Over the last few years, the Metro Nashville Public School (MNPS) Board has has been squeezing a lot of oranges and not getting much juice.
The attempt to re-draw the school zones resulted in little more than recriminations between people who could and should be working together to improve the quality of public education in Nashville. In order to close a 1% gap in the MNPS budget Nashville stripped the lowest paid employees of benefits and pay and alienated one of the most consistent advocates for increased resources for MNPS. Now, as a result of the The Great, Great, Great Hearts Cluster … Nashville is fighting to keep its State education money when it already was denied its fair share.
I don’t fault any of the Board members who were actors in these events – I know many of them, respect them all for their work and would probably have made many of the same decisions. Sometimes, however, the pressure to make decisions of the moment prevent us all from assessing the changing reality in which we operate. So, as someone who is not involved in the daily decisions of MNPS but who has supported and followed MNPS and thought and read about education a bit, I’d offer a few things for consideration:
1) There is no question that achievement testing is here to stay – and should be – but every system of evaluation needs to be constantly re-evaluated to address its weaknesses and the inevitable gaming of the system which undermines its objectives. There are growing questions about whether achievement testing, and using it as a single punitive benchmark of success, actually increases long term success. We should consider whether we are too focused on achievement testing.
2) We should look more objectively at the role of parental employment as it relates to student achievement. For example, would altering a single mother’s employment situation result in categorical improvement in achievement for disadvantaged kids? With the high incidence of children raised by single mothers in conditions of poverty, a small change by our community could result in a large increase in achievement.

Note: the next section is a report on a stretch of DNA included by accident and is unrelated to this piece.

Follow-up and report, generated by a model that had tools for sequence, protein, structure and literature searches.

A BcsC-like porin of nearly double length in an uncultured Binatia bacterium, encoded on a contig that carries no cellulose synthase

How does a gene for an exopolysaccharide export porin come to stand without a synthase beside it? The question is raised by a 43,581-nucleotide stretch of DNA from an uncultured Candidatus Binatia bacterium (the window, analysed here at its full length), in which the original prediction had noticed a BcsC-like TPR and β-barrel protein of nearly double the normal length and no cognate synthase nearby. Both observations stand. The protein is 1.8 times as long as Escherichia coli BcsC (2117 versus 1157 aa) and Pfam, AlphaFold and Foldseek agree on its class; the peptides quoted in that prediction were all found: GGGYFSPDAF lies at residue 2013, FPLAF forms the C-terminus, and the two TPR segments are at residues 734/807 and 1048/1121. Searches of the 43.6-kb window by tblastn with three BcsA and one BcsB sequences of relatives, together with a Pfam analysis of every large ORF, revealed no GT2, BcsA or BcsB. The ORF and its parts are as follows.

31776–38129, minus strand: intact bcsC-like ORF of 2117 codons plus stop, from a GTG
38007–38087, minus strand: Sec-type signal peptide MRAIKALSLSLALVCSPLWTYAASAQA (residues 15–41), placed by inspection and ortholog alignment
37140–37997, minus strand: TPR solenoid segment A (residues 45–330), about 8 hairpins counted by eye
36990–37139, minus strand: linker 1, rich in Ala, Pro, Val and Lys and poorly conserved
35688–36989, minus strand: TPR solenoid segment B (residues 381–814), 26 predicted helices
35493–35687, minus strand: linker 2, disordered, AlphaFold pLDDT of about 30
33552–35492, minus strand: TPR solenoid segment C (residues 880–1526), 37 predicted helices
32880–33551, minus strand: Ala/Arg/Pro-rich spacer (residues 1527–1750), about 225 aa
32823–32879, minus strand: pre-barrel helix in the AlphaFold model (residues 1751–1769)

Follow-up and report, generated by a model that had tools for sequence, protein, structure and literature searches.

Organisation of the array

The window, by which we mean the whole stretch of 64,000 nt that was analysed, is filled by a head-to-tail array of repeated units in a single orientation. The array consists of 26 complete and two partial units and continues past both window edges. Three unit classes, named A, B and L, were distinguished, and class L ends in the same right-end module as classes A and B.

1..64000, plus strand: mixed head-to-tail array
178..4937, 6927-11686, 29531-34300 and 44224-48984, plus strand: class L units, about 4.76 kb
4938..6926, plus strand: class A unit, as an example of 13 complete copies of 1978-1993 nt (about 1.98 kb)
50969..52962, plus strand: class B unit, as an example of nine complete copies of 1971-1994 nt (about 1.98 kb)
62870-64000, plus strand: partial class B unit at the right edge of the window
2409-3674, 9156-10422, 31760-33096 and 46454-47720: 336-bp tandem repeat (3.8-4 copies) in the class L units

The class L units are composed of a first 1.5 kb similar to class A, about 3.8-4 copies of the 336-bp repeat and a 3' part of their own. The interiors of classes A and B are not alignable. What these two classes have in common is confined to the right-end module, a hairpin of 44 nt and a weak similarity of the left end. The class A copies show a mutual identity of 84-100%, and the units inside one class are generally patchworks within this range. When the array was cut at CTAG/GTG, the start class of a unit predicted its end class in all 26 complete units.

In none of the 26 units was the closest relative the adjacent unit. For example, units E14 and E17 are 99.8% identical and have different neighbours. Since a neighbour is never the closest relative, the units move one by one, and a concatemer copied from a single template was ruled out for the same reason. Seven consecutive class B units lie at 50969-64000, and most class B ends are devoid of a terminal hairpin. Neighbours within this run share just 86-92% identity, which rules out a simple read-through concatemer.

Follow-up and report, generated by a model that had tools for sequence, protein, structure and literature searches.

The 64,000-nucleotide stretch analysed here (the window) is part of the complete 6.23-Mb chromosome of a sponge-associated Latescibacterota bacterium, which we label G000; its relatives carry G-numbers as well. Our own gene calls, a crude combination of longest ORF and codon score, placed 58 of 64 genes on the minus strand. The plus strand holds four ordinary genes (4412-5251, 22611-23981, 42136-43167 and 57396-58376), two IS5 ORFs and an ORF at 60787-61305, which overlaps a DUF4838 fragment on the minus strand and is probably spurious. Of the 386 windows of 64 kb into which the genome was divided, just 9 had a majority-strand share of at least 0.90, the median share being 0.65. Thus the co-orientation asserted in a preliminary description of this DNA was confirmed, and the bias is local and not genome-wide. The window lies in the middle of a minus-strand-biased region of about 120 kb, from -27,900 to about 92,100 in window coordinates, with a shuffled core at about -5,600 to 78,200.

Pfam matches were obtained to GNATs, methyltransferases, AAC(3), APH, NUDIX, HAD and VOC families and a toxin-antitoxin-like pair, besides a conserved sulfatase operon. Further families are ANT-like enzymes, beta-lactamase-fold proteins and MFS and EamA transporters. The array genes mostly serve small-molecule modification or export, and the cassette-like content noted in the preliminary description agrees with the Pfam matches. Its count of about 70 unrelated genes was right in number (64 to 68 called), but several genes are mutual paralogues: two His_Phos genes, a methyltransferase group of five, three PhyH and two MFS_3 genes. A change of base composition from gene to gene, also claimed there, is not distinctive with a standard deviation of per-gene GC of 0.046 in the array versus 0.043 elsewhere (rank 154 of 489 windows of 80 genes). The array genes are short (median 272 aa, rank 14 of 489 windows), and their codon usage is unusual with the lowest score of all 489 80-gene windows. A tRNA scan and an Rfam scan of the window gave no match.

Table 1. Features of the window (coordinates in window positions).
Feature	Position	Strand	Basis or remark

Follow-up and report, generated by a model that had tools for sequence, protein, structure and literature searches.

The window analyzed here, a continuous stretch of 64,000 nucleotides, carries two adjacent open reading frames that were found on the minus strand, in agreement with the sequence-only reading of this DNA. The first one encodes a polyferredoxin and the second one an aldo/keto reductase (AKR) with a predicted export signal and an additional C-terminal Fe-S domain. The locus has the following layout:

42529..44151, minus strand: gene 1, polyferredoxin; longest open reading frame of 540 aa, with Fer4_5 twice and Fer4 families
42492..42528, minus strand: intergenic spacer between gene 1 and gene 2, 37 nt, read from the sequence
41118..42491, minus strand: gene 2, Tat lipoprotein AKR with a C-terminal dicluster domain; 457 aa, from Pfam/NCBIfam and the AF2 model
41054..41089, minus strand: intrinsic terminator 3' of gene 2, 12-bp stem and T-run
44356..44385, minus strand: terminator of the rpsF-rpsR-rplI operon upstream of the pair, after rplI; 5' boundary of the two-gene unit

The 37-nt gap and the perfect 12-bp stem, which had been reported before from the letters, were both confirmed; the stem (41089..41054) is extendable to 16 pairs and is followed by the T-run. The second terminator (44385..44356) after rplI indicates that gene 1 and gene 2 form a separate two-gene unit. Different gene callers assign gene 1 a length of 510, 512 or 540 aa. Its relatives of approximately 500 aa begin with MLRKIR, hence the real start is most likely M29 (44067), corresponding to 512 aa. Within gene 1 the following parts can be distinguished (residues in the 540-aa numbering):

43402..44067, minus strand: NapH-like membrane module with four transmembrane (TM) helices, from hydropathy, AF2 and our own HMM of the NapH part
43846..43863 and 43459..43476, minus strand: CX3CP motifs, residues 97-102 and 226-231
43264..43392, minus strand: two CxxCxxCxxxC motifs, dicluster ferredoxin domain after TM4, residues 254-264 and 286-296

3) Are developments in neuroscience altering how we should think about education? There is probably as much garbage as there is value being created in this field but some of the recent developments will have a great impact on how we think about the brain. Let’s not forget that we have to keep thinking about thinking if we truly want our public education system to allow the highest levels of achievement and happiness for our kids.
4) Charter schools are here to stay and there is evidence that some but not all of them are successful. At the same time, we lack a community consensus on what role charters should play, how we should assess their success or how we integrate their successes into the broader system. Who should lead that consensus building process? Why are we waiting?
5) If there were a silver bullet, someone would already have found it.
There’s only so much squeeze . . . let’s squeeze the oranges that have juice.